As you’d expect, most of the recreation involves the lake, with fishing, paddling, boating, water skiing, and swimming all very popular. A commercial marina is open for rentals, and there are plenty of boat ramps where you can launch your own craft.

On land, you’ll find 14 miles of hiking trails to explore, including the 5.4-mile New Hope Trail, which is strenuous in some stretches. Keep your eyes open for bald eagles, as the lake is the summer home to one of the largest populations of the bird on the east coast.


5. Crowders Mountain State Park

The happiest hiker you’ll ever see enjoying the fall foliage at Crowders Mountain. By Charlie Cowins.
Just a half-hour drive west of Charlotte, Crowders Mountain State Park is a mecca for hikers, featuring spectacular rocky outcroppings that rise to 800 feet over the surrounding piedmont.

Those looking for a challenge can take on the twin peaks of The Pinnacle and Crowders Mountain. Both feature some steep climbs, but the beautiful trails lined with mountain laurel and wildflowers are some of the best, and the vistas at the top that offer 25-mile views of the region are stunning.

Ambitious hikers can tackle the Ridgeline Trail, which starts at the peak of The Pinnacle and follows the ridgeline to Kings Mountain State Park in South Carolina.

Rock climbing is also available in the park (with a permit), and fishing and paddling are popular on the preserve’s lake.


6. Stone Mountain State Park

The stunning granite of Stone Mountain State Park. By bobistraveling.
You can’t miss the 600-foot granite dome that dominates Stone Mountain State Park in the northwest corner of the state.

You can view the natural wonder just 200 yards from the parking lot or take advantage of the Stone Mountain Loop Trail to get to the top. This 4.5-mile trek also passes a 200-foot waterfall, another of the park’s highlights.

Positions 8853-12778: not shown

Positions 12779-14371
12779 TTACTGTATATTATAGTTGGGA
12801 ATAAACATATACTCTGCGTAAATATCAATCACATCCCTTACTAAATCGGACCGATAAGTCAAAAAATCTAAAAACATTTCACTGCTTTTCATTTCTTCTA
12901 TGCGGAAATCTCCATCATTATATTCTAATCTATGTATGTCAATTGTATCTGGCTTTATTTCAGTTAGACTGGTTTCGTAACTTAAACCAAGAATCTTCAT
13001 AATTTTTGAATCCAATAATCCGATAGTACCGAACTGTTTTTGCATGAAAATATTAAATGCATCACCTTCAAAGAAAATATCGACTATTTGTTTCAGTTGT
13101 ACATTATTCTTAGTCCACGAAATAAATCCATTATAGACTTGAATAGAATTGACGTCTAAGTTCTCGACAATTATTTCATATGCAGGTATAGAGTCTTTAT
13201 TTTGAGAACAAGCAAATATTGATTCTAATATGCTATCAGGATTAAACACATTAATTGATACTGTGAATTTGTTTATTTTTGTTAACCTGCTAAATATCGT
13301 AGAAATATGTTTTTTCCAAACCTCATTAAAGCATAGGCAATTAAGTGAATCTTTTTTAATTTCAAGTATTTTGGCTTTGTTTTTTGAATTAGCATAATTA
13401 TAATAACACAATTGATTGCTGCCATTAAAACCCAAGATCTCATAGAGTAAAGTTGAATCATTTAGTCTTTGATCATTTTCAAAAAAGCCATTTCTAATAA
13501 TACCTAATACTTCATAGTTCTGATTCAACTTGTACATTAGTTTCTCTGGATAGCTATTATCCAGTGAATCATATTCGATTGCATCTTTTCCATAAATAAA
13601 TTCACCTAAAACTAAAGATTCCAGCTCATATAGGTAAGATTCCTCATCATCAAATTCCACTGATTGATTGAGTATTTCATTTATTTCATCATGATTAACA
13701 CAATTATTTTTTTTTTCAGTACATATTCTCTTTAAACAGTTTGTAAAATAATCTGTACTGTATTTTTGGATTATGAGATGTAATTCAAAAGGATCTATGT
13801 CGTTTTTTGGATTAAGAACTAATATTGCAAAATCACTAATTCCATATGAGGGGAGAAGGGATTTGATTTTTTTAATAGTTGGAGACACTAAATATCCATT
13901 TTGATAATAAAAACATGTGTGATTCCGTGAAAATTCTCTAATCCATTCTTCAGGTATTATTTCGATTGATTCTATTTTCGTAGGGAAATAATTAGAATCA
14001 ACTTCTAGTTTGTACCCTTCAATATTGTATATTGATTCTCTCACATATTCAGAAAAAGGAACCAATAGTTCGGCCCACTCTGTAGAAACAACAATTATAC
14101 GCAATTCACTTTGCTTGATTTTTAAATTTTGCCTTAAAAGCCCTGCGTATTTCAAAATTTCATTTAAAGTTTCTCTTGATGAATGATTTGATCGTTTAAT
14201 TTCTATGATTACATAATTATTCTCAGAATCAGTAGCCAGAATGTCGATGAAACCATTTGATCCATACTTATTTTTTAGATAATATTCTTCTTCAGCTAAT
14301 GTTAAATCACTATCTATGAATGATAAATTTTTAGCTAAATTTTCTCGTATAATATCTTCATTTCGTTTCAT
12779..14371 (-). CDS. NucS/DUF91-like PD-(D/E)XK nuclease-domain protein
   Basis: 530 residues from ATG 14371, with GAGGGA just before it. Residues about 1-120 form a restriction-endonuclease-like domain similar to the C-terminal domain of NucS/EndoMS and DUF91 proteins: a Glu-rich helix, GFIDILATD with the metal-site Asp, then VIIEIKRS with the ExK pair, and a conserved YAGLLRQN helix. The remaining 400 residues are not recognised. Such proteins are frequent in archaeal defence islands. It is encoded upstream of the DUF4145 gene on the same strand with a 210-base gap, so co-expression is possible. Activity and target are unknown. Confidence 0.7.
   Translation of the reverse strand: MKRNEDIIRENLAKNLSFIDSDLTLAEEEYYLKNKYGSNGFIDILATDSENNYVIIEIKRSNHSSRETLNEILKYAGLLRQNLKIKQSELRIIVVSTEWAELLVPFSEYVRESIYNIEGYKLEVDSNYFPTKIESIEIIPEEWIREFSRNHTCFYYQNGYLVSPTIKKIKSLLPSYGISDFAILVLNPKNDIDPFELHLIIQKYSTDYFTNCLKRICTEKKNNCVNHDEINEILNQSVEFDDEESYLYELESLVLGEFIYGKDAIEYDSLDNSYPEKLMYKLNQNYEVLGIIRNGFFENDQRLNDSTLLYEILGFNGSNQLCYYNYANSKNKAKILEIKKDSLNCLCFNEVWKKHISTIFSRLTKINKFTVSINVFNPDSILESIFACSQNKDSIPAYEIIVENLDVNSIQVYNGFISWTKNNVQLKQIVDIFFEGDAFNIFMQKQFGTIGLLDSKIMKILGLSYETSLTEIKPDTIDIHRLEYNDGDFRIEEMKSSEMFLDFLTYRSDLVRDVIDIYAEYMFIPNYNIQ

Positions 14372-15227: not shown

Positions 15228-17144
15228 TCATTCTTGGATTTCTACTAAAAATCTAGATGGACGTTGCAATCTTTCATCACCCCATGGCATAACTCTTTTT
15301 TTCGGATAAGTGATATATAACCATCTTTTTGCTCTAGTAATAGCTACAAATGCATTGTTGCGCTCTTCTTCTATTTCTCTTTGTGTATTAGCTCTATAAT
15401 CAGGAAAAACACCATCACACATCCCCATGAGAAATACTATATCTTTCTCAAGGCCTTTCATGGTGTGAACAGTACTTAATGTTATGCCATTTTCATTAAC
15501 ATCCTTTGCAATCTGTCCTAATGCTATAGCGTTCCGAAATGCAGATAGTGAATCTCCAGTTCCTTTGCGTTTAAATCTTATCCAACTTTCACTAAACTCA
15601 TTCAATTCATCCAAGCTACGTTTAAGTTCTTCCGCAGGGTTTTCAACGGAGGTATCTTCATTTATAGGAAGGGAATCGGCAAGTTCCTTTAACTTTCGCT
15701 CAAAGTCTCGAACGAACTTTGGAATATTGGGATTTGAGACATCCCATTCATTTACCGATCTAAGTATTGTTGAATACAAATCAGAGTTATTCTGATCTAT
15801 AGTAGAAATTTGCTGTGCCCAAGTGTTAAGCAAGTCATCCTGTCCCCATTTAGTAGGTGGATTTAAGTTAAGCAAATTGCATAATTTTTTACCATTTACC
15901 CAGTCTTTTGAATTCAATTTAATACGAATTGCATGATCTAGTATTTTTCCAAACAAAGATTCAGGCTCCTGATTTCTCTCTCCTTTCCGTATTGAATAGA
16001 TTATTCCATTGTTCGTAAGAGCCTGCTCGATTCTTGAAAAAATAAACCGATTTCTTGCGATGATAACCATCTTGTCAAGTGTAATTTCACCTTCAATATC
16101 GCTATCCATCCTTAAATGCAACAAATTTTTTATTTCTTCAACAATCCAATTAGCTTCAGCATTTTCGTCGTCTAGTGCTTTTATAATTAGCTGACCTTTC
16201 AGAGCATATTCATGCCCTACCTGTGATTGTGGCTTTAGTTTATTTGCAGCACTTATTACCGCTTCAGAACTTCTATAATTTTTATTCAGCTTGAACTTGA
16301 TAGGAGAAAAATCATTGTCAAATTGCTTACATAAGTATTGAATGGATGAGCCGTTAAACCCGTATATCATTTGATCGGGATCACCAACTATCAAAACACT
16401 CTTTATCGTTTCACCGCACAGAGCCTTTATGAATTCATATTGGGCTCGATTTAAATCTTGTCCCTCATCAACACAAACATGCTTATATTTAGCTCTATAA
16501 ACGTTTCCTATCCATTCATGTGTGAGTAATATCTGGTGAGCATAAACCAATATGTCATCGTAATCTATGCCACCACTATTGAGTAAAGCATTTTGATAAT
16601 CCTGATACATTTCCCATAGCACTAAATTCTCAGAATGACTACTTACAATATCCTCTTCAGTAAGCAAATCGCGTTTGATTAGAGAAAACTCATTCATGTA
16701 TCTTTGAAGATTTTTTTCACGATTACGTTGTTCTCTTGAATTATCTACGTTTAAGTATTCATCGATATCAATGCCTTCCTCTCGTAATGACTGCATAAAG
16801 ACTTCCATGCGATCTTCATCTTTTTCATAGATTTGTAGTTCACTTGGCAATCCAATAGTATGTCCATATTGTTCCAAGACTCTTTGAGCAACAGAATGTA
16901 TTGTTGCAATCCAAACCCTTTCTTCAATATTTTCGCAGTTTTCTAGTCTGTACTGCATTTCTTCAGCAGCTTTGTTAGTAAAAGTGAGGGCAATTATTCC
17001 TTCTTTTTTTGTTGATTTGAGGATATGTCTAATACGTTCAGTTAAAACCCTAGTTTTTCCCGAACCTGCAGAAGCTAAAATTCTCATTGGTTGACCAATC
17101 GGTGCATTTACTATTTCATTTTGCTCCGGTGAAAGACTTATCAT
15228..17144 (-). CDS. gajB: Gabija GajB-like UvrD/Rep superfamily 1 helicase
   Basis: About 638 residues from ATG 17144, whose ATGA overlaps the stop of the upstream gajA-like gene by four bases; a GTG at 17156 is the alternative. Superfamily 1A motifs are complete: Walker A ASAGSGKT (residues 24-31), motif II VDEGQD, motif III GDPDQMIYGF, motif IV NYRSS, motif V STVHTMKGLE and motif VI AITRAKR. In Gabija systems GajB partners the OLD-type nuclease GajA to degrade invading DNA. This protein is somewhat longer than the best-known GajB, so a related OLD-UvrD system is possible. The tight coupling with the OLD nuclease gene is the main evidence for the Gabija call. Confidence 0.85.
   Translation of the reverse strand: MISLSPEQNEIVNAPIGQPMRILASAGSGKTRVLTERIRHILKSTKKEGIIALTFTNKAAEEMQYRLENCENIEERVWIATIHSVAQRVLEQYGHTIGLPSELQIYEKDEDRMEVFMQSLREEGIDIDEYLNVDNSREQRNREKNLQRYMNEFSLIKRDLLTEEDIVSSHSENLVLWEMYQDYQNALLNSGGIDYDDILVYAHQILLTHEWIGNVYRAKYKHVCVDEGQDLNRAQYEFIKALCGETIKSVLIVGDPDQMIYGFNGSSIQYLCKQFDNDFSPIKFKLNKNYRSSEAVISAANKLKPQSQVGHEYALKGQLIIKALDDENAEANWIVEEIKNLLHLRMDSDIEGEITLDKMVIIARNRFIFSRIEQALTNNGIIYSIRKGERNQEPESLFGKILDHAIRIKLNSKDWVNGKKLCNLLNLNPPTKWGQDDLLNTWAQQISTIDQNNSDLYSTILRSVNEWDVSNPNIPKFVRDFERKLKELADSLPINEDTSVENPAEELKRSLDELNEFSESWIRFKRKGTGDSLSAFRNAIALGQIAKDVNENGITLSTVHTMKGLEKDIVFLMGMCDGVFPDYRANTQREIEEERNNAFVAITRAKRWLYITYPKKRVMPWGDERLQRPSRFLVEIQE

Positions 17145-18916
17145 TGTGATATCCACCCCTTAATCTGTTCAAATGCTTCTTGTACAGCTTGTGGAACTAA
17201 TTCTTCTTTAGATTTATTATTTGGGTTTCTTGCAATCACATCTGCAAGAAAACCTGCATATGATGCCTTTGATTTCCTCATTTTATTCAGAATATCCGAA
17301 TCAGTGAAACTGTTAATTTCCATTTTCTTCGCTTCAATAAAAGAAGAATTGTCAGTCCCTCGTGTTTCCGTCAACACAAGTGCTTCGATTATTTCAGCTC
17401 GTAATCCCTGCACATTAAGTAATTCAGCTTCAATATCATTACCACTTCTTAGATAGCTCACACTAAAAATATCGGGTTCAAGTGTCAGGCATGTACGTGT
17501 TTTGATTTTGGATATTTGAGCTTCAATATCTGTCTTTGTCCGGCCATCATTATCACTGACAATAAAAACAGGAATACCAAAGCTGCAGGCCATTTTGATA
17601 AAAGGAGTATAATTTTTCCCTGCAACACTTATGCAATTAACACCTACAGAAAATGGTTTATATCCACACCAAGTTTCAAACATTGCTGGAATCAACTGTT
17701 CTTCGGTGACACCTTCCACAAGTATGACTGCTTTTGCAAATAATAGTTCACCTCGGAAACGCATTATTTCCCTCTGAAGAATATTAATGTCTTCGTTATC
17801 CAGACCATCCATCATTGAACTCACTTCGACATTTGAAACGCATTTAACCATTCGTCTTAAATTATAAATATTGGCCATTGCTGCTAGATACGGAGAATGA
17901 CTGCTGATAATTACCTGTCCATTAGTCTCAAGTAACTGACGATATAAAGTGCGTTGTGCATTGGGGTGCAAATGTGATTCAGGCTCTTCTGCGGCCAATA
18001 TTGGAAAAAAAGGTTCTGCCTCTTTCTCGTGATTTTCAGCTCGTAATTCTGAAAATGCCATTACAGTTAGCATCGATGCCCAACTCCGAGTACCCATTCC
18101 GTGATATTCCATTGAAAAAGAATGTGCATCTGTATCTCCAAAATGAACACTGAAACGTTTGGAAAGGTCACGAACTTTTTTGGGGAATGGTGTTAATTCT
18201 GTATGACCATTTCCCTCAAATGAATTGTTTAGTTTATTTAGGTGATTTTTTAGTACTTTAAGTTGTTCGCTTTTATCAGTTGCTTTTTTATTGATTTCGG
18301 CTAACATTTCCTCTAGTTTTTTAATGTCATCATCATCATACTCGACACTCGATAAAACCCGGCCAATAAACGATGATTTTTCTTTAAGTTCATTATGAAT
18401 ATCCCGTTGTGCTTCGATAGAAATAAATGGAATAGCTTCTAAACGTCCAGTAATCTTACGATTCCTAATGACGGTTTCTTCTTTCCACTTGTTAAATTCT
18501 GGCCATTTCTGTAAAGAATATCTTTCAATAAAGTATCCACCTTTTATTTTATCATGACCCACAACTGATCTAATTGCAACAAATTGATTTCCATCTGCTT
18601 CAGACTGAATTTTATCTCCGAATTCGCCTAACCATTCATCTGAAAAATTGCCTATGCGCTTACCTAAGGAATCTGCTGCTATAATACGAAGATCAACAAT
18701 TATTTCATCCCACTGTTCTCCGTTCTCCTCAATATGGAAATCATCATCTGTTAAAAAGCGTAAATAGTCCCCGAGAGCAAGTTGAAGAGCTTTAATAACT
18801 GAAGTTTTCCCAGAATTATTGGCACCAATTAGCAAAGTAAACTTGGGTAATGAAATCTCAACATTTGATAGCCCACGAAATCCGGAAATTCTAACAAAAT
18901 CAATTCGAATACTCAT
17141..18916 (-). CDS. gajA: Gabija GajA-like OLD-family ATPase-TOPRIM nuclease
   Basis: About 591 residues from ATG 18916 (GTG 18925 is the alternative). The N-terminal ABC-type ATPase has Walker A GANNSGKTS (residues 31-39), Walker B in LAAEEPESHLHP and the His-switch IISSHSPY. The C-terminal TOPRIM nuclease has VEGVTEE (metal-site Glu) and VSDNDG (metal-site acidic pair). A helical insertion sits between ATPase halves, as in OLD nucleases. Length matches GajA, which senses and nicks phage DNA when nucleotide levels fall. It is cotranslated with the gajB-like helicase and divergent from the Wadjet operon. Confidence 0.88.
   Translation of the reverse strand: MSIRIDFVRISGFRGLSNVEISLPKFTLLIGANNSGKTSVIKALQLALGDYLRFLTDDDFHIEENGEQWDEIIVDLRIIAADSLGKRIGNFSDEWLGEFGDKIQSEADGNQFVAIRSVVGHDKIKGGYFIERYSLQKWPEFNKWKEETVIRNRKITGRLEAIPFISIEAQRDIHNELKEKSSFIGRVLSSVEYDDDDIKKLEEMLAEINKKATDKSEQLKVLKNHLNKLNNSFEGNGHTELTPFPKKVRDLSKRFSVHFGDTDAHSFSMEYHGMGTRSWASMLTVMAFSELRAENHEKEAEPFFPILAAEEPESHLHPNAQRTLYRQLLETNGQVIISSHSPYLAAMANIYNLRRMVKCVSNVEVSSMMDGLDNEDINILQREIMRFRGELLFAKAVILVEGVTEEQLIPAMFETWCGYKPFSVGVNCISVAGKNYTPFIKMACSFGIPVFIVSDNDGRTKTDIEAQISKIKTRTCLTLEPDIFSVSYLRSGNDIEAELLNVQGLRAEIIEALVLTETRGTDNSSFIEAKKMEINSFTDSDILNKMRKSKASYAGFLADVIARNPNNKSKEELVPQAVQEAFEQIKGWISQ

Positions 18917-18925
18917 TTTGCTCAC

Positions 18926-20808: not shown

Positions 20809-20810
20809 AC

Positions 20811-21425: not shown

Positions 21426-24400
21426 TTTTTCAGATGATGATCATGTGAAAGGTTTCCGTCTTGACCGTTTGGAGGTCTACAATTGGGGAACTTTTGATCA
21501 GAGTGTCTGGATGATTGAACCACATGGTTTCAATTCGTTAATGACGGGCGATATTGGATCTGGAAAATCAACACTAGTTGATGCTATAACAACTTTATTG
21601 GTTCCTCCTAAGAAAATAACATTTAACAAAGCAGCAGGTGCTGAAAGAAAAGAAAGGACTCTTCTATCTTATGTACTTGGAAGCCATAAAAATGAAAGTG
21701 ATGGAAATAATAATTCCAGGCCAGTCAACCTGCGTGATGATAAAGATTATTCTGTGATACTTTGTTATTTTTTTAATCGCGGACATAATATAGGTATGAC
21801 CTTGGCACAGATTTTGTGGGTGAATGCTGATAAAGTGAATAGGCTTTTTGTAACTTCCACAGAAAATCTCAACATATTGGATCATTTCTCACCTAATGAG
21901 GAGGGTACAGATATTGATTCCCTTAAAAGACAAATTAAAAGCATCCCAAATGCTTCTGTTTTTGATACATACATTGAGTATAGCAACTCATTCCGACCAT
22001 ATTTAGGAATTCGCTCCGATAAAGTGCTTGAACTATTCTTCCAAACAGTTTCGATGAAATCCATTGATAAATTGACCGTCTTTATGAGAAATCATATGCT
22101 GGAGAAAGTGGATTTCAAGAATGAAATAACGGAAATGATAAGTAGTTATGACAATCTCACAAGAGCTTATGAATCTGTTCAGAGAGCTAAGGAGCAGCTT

In all, you’ll find more than 18 miles of trails to go along with 20 miles of designated trout waters, which makes this a favorite spot for anglers as well.

Sections of the wall are open for rock climbers (with a permit), and a restored 19th-century mountain farm, called Hutchinson Homestead, gives visitors the opportunity to learn more about the history of the area.


7. Kerr Lake State Recreation Area

Campsites along the banks of Kerr Lake. By Charles Boyer.
If you’re looking for a traditional camping experience with access to one of the largest lakes in the southeast, Kerr Lake State Recreation Area checks all the boxes.

The 50,000-acre manmade reservoir stretches between the Virginia and North Carolina border, offering an incredible place for fishing, boating, sailing, waterskiing, and paddling. The recreation area features seven access areas on more than 3,000 wooded acres along the shore and more than 600 family camping spots.

Several swimming beaches complement an abundance of ramps and two private marinas where you can rent a boat. You’ll find a few short hiking trails here, but the focus here is primarily on the water.


8. Merchants Millpond State Park

Merchants Millpond State Park offers a unique environment to explore in the northeast corner of the state. It combines both hardwood forests and southern swamp, and the landscape of massive bald cypress trees is impressive indeed.

A canoe may be the best way to explore this park, allowing visitors to access tranquil, shallow waters and see the unusual landscape up close. Family campgrounds, primitive backpacking sites, and canoe-in campgrounds are all options for those who want to spend some time here. 

The fishing is excellent, and nine miles of hiking trails are available for those who prefer to stay on dry land.


Written by Jeff Banowetz for Matcha in partnership with OrthoCarolina.